Sea Level in the Past 200,000 Years

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Let’s look at how sea levels have changed over that past 200,000 years of Earth’s history, based on evidence provided by paleoclimatology.

Probably, the factor that influences sea levels on the planet more than any other is the proportion of the Earth’s water that is in the form of ice at any point in time.

Figure 4.5 illustrates this very well. Take a look at the curve on the graph, obtained by analyzing oxygen isotopes in ice cores. It represents the fluctuations in sea level from 200,000 years ago to the present (going from right to left on the x axis). Approximately 125,000 years ago, the sea level was approximately 8 meters higher than it is today. This was during the Sangamonian Interglacial, the last time the north polar ice cap completely melted. After this peak in sea level, ice returned to the planet. And the Wisconsinan Glacial period followed between 80,000 and 20,000 years ago, when a glacial maximum, and sea level low stand (more than 130 m lower than today) took place. This is what most people mean when they refer to the "ice age". Glaciers covered much of North America. Following the glacial maximum, we see sea levels rising rapidly - the curve is about as steep as the one leading up to the Sangamonian Interglacial. It began to level off about 5,000 years ago, leading to fairly slow sea level rise in recent geologic time and the sea level human society has been accustomed to.

Sea Level (m) at different periods relative to modern. See text above image.
Figure 4.5. Oxygen isotope record of global ice volume and sea level for the past 200,000 years showing the major glacial and interglacial episodes (data from Martinson et al.,1987). Dashed lines above the curve indicate highstand deposits in the Mid-Atlantic region associated with the global periods of reduced ice volume.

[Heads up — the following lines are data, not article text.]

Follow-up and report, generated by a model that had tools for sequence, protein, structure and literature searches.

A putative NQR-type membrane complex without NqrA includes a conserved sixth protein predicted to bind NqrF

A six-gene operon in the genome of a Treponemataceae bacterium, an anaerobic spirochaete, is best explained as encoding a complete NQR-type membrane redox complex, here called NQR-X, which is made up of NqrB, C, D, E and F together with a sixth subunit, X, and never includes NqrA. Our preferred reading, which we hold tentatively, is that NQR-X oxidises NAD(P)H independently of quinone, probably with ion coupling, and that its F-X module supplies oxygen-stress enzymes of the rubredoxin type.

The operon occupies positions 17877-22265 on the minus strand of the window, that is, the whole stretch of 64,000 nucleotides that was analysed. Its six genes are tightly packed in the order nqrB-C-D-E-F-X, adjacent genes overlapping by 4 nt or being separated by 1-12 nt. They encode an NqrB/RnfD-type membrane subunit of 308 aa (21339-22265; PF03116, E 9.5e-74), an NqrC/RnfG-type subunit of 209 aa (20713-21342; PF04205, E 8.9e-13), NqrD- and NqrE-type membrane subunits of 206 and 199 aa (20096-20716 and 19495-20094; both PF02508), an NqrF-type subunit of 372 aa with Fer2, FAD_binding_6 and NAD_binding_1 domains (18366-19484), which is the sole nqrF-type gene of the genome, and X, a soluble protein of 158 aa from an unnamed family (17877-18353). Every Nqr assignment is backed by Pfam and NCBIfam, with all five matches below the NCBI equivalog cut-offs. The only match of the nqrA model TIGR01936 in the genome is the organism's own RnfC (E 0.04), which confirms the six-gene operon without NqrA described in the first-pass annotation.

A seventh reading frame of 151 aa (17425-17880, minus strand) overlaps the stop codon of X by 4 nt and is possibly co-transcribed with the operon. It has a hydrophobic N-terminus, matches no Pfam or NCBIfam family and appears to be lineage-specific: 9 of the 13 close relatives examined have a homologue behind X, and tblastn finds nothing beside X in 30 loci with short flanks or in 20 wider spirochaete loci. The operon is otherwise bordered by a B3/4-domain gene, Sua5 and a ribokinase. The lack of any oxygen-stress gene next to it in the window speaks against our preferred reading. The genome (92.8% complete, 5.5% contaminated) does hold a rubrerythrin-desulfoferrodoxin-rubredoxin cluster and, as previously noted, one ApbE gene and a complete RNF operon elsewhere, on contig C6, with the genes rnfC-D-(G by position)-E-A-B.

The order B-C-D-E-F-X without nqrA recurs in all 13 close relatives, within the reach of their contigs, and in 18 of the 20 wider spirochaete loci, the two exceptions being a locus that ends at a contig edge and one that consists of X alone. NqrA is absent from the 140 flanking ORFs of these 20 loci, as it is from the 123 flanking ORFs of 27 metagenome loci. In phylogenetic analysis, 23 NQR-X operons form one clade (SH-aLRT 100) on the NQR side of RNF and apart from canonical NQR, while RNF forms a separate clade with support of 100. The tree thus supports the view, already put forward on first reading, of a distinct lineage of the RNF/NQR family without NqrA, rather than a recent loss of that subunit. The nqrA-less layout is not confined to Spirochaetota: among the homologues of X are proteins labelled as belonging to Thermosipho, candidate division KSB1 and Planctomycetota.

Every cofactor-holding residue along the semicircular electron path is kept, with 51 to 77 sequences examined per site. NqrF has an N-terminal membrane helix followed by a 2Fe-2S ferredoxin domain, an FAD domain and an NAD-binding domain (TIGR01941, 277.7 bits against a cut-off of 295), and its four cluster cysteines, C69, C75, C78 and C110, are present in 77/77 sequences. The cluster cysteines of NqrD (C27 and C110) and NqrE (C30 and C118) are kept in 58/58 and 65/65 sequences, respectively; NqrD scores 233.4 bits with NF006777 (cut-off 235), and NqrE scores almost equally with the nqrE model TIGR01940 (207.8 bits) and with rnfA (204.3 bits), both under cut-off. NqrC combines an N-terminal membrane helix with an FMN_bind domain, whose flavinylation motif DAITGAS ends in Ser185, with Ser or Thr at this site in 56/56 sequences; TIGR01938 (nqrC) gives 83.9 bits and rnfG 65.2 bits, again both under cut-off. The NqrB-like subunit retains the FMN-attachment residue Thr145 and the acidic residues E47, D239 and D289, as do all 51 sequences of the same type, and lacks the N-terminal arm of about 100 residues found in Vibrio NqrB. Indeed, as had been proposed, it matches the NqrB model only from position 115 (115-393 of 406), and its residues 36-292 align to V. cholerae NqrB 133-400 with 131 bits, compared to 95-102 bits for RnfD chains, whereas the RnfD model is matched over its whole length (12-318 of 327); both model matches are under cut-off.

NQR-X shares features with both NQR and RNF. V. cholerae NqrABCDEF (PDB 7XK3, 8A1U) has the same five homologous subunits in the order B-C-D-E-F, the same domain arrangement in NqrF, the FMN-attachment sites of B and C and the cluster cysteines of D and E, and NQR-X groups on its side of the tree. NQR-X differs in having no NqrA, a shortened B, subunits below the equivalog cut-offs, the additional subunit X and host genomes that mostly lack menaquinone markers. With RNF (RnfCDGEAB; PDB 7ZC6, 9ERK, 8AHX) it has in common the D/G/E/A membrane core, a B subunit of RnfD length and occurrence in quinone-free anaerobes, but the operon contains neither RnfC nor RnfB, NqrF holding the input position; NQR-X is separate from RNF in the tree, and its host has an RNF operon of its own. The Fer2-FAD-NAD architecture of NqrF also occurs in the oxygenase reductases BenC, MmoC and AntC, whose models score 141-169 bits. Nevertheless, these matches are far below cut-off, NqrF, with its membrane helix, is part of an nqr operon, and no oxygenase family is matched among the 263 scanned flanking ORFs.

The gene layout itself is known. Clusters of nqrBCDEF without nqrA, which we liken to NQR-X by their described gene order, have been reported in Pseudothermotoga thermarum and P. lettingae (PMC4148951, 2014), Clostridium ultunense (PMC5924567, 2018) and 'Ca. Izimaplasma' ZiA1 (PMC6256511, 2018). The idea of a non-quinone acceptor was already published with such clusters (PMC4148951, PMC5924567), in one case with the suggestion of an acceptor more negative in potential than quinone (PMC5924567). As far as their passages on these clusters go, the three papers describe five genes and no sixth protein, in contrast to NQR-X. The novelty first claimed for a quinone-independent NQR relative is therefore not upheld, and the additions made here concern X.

Sea level - geological record, Sea level change 1960-2010 and CO2 levels from ice cores from 400,000 years ago to present time. See text surrounding image.
Figure 4.6. Lower panel: Ice core record of atmospheric CO2 over the past 400,000 years (Petit et al., 1999) together with historical trends of CO2 (Keeling curve) and sea level change (inset). Upper panel: Geological record of sea level highstands (Hearty and Kaufman, 2000), showing broad correspondence with ice core CO2 record over the same interval. Red circles identify two past warm interglacials that reveal geological evidence of rapid ice sheet melting or collapse.
Credit: Paul J. Hearty, ecology.com  Graph sources: assembled by Hearty; data from cited authors.

Figure 4.6 (Hearty) illustrates the CO2 fluctuations over 400,000 years, and the rapid rise to the recently reached 400 ppm level (Keeling curve). These levels are unprecedented during the past 800,000 years. During the Sangamonian interglacial period mentioned above, at about 130,000 years ago, levels reached 300 ppm, but sea level was much higher than today. A CO2 level 400 ppm occurred in the Pliocene 3 million years ago when sea level is estimated to have been 10 to 40 m higher than it is now. The concern is that, based on evidence provided by paleoclimate studies such as those illustrated in the two figures above, this rapid increase in CO2 levels can be correlated with the melting of ice sheets leading to an ice-free planet. This melting is currently being watched closely. If all of Greenland’s ice was to melt, an increase of 5-7 m in sea level would be experienced. This is predicted to lead (as well as flooding of all coastal cities on the globe) to the disruption of the circulation of ocean currents (due to the rapid addition of huge volumes of fresh water to the ocean) that currently dictate the climate patterns as we know them in Earth. Of course, the implications of this scenario are huge. Stay tuned, and pay attention when you hear of news related to this phenomenon.

We will return to the ideas presented in these graphs after considering the complex cause and effect mechanisms that control sea levels on the planet.